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Review: Sansa Connect surpasses iPod and Zune -- for now

It makes solid use of Wi-Fi connection to acquire media

By David Haskin
April 11, 2007 12:00 PM ET

Computerworld - SanDisk Corp.'s Sansa Connect Wi-Fi-enabled media player is the first significant rethinking of portable media players -- and how we acquire digital media -- since Apple Inc.'s introduction of the iPod and the iTunes online media store several years ago.

In many ways, the 4GB $249 Sansa Connect surpasses the iPod. For one thing, its bright, simple interface is, arguably, more engaging than the iPod's. But its most notable capability is built-in Wi-Fi, which is missing, so far, in Apple's offerings.

Like the iPod is tied to the iTunes store, Sansa Connect is tied to a specific online media provider, and in this case it's Yahoo Inc.'s digital music and image service. Yahoo's services are tightly integrated into the Connect so that, combined with the built-in Wi-Fi, you can easily download music from the Internet, listen to Internet radio and view digital images stored online.

Sansa Connect
Sansa Connect
In other words, the Sansa Connect dramatically increases what you can do with your media player and, for the first time, highlights the potential of subscription music services.

This being a first version of a new product, there are a few missing pieces, but they're mostly the type of omissions you notice only in a device so well designed that it leaves you begging for more. Overall, the Sansa Connect may well change what you expect from portable media players. It's that good.

The benefits of being connected

Currently, the most well-known Wi-Fi-enabled media player is Microsoft Corp.'s Zune, but that device's wireless capabilities are stunted compared to the Sansa Connect. For one thing, a Zune can only connect with other nearby Zunes, and users can use the wireless capabilities only to temporarily share music.

In contrast, the Sansa Connect connects directly to Yahoo's Internet-based music and image services. If you subscribe to Yahoo Music Unlimited, once you're connected, you can find and download individual tracks and albums. You also can view photos stored on Yahoo's Flickr service. And it's a rush listening to streaming Internet radio offered by Yahoo's LaunchCast radio, which offers about 150 streaming stations, making SanDisk's omission of an FM radio seem like a logical choice.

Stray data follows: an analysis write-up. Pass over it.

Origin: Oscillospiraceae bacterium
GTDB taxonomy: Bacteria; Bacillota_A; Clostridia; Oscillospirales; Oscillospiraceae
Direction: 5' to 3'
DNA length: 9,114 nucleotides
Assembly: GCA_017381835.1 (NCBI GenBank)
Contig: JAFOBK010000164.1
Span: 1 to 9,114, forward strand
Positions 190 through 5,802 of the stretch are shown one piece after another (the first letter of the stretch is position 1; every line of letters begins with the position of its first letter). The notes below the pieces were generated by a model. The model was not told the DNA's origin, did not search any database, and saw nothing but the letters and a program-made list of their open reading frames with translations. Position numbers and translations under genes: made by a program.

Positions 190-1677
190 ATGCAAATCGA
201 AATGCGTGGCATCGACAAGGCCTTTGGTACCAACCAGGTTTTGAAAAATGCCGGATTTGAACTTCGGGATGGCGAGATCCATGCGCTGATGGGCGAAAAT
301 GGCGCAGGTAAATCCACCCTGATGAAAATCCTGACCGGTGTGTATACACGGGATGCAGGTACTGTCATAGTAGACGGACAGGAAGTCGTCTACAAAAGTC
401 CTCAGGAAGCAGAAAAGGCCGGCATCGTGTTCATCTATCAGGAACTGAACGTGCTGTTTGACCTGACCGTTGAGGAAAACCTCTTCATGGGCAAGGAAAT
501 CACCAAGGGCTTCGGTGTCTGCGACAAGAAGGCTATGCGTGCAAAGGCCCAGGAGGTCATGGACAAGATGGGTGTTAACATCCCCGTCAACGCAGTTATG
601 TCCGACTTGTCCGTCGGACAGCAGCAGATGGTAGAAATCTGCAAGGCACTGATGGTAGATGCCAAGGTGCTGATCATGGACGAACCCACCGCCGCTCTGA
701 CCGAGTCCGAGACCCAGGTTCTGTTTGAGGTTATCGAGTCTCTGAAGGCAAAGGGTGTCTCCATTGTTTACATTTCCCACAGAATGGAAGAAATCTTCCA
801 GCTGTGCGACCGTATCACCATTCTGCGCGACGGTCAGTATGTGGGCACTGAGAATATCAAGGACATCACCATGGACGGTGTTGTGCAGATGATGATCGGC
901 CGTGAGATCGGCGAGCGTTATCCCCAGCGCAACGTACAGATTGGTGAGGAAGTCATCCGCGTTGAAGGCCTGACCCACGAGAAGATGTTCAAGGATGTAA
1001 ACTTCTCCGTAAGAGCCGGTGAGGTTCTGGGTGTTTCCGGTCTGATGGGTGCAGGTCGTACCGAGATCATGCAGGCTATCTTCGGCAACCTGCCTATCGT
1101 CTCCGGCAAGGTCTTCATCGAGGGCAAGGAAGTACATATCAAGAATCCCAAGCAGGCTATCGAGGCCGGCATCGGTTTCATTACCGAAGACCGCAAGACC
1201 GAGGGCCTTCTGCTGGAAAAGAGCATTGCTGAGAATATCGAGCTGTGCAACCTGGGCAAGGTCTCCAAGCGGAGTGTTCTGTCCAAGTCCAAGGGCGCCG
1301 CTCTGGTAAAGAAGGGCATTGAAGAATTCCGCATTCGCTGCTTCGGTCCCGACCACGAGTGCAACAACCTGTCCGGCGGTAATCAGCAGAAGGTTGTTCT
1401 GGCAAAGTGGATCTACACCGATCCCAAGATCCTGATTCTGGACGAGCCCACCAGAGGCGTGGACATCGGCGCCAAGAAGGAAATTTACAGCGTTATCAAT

While you must pay $15 a month to download music, streaming audio doesn't require a paid subscription. However, the streaming audio is so well integrated into the Sansa Connect that you may be tempted to subscribe. That's because, if you hear a song you like and you belong to the music service, you can immediately download it and listen to it as often as you want.

Sansa Connect also does music sharing far better than Zune. With Zune, you connect only to other Zune users who are near enough to connect directly via Wi-Fi. In contrast, Sansa Connect uses Yahoo Messenger to look for friends who are connected anywhere using a laptop or desktop computer or another Sansa Connect. You then can see what music they are listening to and download -- from Yahoo -- songs they recommend. Once downloaded, you can listen to the music all you want. Zune only allows three plays before you must purchase a song.



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